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The Student News Site of Seward High School

SHS Today

The Student News Site of Seward High School

SHS Today

This Summer in Racing

This+Summer+in+Racing

Over the summer of 2023, I stopped writing articles for The Racing Report (soon to be known as The Steering Column), leaving much to be caught up on for those who have had better things to do.

We kicked off the summer with Formula 1’s Miami Grand Prix, the fifth race of the season, which was handily won by Red Bull’s Max Verstappen. Notably, this was the race that began Verstappen’s nine-race win streak, the ninth of which he won at this last Sunday’s Dutch Grand Prix. By winning nine consecutive races, he matched Sebastian Vettel’s record of most Grands Prix won in a row. The Belgian-Dutch driver will have a chance to break the record next week in Monza, at the Italian Grand Prix. Verstappen’s streak does not include two races he won at the beginning of the year, separated with two races won by his teammate, Sergio “Checo” Pérez, meaning Red Bull Racing has won every single race of the season so far.

Moving away from Formula 1, we turn to the legendary 24 Hours of Le Mans endurance race. But, wait. Is that a NASCAR Cup car on track? In collaboration with Hendrick Motorsports, a stock car completed the day-long race, alongside the hypercars and GTE cars that are commonplace in professional endurance racing. It competed in the Garage 56 category, which was created for the project itself. However, to even be allowed on track, some modifications were required, most notably headlights, which NASCAR stock cars famously lack. The car was also fitted with a modern racing steering wheel, and equipped with paddle shifters to keep the driver’s hands on the wheel as much as possible. The car was raced by three drivers over the twenty-four hour period: 7-time NASCAR Cup Series champion Jimmie Johnson, German professional endurance racer Mike Rockenfeller, and former Formula 1 world champion Jenson Button. The project was a huge hit, and the European crowd adored the Cup car’s roaring engine, which dwarfed the sound of the cars around it.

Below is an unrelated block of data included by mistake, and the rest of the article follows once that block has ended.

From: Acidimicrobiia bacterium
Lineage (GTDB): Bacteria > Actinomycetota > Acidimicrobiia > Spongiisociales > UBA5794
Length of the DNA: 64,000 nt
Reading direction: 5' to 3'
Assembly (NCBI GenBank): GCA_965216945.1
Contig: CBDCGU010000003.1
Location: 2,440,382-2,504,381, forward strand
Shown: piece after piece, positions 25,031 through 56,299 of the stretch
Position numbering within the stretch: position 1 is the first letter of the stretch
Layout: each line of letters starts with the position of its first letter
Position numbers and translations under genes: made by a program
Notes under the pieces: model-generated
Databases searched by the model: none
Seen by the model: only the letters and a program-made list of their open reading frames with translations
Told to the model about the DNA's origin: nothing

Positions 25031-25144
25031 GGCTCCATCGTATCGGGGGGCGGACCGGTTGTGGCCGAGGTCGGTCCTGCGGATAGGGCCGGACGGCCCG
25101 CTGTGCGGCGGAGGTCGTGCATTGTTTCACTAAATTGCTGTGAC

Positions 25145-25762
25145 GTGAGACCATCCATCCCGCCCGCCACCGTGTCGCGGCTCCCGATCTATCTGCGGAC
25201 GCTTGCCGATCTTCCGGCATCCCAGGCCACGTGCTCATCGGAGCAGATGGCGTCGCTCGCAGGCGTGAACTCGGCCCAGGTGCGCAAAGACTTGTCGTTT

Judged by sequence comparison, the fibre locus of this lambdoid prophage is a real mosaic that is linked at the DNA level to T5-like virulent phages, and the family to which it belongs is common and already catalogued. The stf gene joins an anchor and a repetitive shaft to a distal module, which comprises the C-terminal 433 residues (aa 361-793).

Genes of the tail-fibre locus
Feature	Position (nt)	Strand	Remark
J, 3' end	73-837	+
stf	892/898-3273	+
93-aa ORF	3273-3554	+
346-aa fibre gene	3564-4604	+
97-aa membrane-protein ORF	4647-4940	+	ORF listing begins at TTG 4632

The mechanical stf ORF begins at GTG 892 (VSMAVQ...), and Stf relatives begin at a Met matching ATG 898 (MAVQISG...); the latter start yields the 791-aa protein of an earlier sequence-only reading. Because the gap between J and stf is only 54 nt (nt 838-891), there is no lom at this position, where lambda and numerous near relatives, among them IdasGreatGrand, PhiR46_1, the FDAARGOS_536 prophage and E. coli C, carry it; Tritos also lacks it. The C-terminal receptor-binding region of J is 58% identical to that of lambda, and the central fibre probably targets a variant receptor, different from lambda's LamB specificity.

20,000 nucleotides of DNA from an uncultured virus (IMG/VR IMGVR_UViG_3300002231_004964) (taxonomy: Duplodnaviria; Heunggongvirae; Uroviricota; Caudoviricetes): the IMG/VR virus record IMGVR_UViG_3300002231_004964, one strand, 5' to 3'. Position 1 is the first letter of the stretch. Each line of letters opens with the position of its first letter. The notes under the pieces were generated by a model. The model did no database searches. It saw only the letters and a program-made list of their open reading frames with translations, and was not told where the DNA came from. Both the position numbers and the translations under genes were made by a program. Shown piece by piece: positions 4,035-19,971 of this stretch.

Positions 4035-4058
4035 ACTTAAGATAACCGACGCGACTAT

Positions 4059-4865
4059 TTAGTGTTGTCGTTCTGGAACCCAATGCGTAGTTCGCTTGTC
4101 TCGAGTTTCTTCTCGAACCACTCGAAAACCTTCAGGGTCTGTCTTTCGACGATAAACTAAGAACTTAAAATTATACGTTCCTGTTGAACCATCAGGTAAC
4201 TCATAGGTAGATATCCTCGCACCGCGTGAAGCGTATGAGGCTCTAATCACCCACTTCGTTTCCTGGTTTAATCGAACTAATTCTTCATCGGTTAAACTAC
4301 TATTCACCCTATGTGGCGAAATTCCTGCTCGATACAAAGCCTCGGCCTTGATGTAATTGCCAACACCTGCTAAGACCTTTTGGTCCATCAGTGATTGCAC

Later, the car appeared at the Goodwood Festival of Speed, an annual hillclimb race in England, which many car manufacturers use to showcase new models or prototypes. One of these manufacturers was McLaren, who first unveiled the McLaren Solus GT at the event. Inspired by the aerodynamic effects of F1 cars, the Solus quickly proveditself up the Goodwood hill with a time of 45.34 seconds, which places it third fastest of all time in the production car category. Those watching the event were enthralled by the sound of the Solus’ 5.2 liter V10 engine, which is reminiscent of those used by F1 cars from the 1990s. The Solus is not the only recent supercar to be inspired by F1, however, and it follows in the footsteps of the Valkyrie, which was produced by Aston Martin in 2022 and designed by Red Bull Racing Chief Technological Officer Adrian Newey. The biggest difference, however? The Valkyrie is street legal, as the Solus is designated for track use only.

Speaking of McLaren, the company came under slight criticism in late 2022 after their Formula 1 team dropped fan-favorite driver Daniel Ricciardo in favor of his Australian compatriot Oscar Piastri. Many were disappointed that Ricciardo, known for his goofy behavior and joking personality, would not be returning to the grid the following year.Many were relieved to find out, then, when Ricciardo signed as a reserve driver with his old team, Red Bull Racing. Even better, he was promoted to a full time seat at Red Bull’s feeder team, Scuderia AlphaTauri, when they released Dutchman Nyck de Vries on grounds of poor performance. Surprisingly, Ricciardo has been doing just as well, if not better at AlphaTauri than he ever was at McLaren, despite AlphaTauri having one of the worst cars on the grid.

Unfortunately, this summer was not all racing fun, as we lost yet another driver. Dilano van’t Hoff was a 19-year-oldDutch driver and had won the 2021 Spanish Formula 4 Championship. Shortly after his victory, he began racing in European Formula Regional, which is what he was competing in on the day of his death. During heavy rain conditions at Belgium’s Circuit de Spa-Francorchamps, he drove at racing speed through the Eau Rouge chicane, losing control upon the corner exit. The low visibility from the weather caused Irishman Adam Fitzgerald to collide with van’t Hoff. Two other drivers lost control during the incident, but all were uninjured except Dilano, who was given medical attention following the incident. Sadly, he died at the scene shortly after.

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